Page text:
Author Archive

When it started…

November 14th, 2016 Comments off

Shortly after the invasion of Iraq was when I became more aware of it. I knew there was bias in the news, could handle watching CNN, MSNBC, Fox – they were all slightly unique. They covered the events that eventually led to the war, they covered the congressional approval debates, that authorized the President to use force to expel Saddam Hussein . They covered when Bush sought UN Approval, citing all the times Saddam violated the sanctions against him without repercussion. They covered the coalition of the willing that created a joint force to do what needed to be done, oust one of the most horrific dictators in the world.

Then the protests started, then the news began to change. The biases solidified. That’s when it started.

It got worse, the longer the war dragged on, there were calls to support our troops, but they started maligning the President. Comparing him to Hitler, over and over again. When Bush won reelection the bias got worse. The Republican congress got bold, and started spending, budgets started to burst, and conservatives sat back a bit shocked. When the mid-term of Bush’s second term started, the power shifts, Republicans were no longer in power in either house. Bush was a true lame duck.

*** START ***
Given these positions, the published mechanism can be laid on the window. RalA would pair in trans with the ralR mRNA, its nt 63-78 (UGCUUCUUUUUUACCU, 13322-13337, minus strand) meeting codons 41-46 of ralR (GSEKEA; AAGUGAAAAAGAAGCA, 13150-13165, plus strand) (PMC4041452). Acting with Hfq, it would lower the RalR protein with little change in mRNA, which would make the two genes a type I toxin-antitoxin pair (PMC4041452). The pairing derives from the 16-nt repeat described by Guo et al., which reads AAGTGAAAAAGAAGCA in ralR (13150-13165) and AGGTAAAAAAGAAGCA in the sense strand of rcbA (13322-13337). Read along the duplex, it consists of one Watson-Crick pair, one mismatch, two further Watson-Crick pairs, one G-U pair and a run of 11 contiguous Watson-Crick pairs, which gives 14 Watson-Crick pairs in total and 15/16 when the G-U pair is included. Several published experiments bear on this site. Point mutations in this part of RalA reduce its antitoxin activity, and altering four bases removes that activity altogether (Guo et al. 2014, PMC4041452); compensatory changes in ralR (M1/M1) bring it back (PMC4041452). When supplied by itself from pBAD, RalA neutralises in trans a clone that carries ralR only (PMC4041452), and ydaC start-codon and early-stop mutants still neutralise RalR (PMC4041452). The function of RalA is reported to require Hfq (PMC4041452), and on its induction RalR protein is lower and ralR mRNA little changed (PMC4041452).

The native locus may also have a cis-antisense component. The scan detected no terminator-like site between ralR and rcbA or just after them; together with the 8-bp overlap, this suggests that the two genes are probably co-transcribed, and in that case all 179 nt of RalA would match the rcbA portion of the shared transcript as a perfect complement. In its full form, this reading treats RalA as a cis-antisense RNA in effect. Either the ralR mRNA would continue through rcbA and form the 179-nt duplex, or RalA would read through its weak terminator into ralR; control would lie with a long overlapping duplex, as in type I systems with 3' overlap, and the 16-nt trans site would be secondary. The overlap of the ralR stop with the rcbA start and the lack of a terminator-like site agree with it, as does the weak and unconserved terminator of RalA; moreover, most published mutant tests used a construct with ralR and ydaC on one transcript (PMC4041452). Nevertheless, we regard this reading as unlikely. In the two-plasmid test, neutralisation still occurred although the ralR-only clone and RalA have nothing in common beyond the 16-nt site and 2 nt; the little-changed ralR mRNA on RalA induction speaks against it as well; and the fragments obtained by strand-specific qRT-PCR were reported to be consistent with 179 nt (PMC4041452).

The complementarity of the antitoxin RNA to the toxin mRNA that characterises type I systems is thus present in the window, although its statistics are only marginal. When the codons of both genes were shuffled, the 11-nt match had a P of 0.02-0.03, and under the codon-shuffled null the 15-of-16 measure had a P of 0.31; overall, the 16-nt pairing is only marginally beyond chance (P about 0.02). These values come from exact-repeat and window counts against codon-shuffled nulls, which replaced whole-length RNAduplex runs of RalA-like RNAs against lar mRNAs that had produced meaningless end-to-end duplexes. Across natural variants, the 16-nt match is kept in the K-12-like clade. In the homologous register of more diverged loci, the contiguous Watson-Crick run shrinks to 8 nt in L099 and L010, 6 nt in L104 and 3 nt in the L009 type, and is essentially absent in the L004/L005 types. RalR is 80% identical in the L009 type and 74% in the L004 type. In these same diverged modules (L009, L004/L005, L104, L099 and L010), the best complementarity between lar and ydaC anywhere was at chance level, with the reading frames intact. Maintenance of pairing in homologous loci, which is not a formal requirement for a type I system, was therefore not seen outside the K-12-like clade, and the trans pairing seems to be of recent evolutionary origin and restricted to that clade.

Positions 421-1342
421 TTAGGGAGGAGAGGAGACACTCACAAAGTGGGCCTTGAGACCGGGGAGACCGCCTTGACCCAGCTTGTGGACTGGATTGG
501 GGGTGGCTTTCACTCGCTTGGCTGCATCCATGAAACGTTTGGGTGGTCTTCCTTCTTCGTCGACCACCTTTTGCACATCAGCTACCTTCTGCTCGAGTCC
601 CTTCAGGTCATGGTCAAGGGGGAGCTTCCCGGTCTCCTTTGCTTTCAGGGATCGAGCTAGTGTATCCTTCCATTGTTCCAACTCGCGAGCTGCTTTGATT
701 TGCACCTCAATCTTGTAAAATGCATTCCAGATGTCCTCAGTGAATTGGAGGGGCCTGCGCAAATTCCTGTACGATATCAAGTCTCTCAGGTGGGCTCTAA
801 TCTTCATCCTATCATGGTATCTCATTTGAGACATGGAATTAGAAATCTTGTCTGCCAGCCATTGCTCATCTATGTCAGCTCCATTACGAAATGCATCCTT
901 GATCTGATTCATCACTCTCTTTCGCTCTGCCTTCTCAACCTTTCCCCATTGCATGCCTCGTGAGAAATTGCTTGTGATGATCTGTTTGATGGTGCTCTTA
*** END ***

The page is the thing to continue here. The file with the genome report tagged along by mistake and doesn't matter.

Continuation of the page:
The bias got louder. It wasn’t just the news shows, it was Comedy Central, Late night television, pretty much piling on the sitting President and denouncing the conservative party as dead.

The run up to the 2008 election it got worse, dissent became “racist”, you couldn’t have a thought that wasn’t “correct” without being labeled as racist. President Obama ran on a platform of unity, of trying to bring us together. Days if not weeks into his Presidency it was apparent that unity meant only the unity of those with the proper thoughts, not ones opposed to the agenda of the Democratic party. We were going to get a healthcare bill.

Dissent, was shouted down. The Tea Party, that started up as a conservative response to Republican overspending, started to protest the healthcare bill. I attended a rally in my town. I got home from the rally, glad to have put my voice into a political movement. I came home and turned on the news, what would they say about this protest, after so glowingly covering the war protests.

I was called a racist. The whole tea-party movement was coalesced into that one phrase, “racist hate mongers”.

That was when it became apparent to me that the narrative on the nightly cable news shows wasn’t ever going to be fair.

So I tuned out. I retreated from being political. My voice didn’t matter. The new wave was upon us.